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Two Little Known Animal Liability Gaps in Your Homeowners Insurance

If your dog bites the UPS delivery person and he sues you, will your homeowners animal liability cover your legal defense and possible damages? It depends. If your dog’s breed is considered dangerous, then your dog may be excluded from coverage. This is fairly well-known, at least in the sense that anyone concerned about exclusions would likely think of this as a possibility.

Another obvious exclusion is whether a dog has a bite history. For some insurance companies, a single bite is grounds for excluding a dog. However, there are two other less obvious exclusions based on circumstances that are more appropriately covered by another type of insurance:


Your Dog Is in Your Car and Bites Someone

If a friend is riding with you and your dog in your car, animal liability for dog bites to your friend isn’t covered by many homeowners insurance policies. The reason is the incident happened in your car, which is the domain of auto insurance. Homeowner insurance companies aren’t in the auto insurance business. Some auto insurance companies cover dog bites but many don’t.

A more common scenario is your dog inside your car biting someone outside the car through an open window. This could be anyone walking by your car in a parking lot.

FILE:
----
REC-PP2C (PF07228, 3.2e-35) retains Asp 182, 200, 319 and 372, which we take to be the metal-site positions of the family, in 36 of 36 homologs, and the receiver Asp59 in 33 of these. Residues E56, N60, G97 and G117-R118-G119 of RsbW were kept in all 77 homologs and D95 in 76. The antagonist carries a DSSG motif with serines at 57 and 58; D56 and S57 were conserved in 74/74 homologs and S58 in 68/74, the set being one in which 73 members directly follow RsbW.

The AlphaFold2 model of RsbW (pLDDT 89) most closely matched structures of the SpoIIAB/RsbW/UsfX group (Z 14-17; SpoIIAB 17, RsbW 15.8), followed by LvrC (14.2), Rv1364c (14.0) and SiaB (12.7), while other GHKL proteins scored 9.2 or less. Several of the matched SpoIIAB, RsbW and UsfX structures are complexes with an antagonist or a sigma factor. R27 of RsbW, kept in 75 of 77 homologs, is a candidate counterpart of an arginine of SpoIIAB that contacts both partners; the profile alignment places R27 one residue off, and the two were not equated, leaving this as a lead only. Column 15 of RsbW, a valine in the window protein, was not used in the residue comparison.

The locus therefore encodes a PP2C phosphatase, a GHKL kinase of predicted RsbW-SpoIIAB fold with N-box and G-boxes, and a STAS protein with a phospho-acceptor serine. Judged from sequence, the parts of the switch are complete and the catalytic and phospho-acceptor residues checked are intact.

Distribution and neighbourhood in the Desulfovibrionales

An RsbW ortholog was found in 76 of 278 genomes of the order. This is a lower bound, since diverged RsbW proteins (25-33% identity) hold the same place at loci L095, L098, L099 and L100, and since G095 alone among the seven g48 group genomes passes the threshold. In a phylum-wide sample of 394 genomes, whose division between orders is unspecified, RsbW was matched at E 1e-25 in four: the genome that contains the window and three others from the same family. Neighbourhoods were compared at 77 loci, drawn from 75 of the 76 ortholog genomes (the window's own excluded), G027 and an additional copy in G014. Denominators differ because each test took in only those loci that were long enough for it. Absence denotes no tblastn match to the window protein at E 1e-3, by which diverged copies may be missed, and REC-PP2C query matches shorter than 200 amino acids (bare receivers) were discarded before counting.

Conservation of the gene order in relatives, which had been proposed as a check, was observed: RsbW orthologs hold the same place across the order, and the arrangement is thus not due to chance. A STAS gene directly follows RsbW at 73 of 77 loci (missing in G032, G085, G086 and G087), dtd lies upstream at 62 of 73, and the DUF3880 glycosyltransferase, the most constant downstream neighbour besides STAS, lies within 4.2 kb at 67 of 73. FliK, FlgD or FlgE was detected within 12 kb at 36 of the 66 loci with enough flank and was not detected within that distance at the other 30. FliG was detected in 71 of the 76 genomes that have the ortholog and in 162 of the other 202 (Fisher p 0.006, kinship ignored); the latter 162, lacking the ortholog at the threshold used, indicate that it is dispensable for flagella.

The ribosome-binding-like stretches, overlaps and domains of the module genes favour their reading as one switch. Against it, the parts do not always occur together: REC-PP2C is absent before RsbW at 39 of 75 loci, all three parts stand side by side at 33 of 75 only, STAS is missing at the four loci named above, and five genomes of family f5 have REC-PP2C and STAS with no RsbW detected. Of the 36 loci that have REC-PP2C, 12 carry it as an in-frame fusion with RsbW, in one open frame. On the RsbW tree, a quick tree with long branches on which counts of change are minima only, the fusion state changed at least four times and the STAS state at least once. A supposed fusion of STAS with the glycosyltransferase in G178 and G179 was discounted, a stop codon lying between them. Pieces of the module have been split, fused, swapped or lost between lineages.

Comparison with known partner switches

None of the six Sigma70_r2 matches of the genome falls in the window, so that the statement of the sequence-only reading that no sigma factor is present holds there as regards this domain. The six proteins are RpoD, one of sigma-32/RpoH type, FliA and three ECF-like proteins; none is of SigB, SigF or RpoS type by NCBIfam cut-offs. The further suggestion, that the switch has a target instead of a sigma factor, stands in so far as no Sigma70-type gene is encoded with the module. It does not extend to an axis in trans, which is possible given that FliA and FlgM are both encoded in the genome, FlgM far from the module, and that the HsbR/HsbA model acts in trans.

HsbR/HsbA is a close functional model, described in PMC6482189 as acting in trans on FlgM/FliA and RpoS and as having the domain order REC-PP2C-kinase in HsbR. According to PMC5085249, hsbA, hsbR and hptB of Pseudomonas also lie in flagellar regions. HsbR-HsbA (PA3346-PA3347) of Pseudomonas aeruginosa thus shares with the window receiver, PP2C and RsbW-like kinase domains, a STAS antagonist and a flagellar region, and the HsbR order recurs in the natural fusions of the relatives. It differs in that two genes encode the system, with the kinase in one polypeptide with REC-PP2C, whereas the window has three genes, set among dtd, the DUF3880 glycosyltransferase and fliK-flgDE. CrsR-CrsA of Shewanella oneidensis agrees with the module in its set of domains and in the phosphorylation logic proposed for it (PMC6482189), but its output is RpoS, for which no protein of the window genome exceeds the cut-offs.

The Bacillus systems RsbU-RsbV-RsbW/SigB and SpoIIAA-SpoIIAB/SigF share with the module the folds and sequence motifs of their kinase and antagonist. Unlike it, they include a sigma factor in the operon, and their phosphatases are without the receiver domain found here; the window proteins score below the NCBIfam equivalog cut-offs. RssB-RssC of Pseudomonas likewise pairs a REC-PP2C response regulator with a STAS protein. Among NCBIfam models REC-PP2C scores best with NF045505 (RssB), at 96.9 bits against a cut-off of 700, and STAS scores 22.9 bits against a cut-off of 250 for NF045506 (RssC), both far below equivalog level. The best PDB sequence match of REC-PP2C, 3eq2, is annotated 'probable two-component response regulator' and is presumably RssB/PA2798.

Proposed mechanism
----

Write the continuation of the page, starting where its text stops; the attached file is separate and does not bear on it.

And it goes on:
Your Dog Bites Someone Associated with a Business Activity at Your Home

You don’t have to set up your own company to be engaged in a business activity from your home. This is a common liability oversight that’s had costly consequences for many unsuspecting people. For example, you could be working from home for the day because an illness prevents you from going to your regular job. If your dog bites a co-worker who visits to bring documents related to your work, your homeowner’s insurance won’t provide liability coverage because this happened during a business activity, and they don’t provide business insurance.

Other examples include your dog biting the mailman or UPS person who is picking up packages you’re shipping to an eBay customer, or to someone you contacted through Craigslist. Perhaps you don’t think of this as a business activity because you’re just getting rid of old tools or clothes. However, it’s a business activity because money is exchanged for goods. The same is true if your dog bites someone at a yard sale or if you’re selling puppies and one of them bites a prospect.


The above are just two of the many curve balls in life. If you haven’t done so, check your homeowners policy carefully for liability coverage gaps that apply to you. Contact us if you find any or if you have any questions.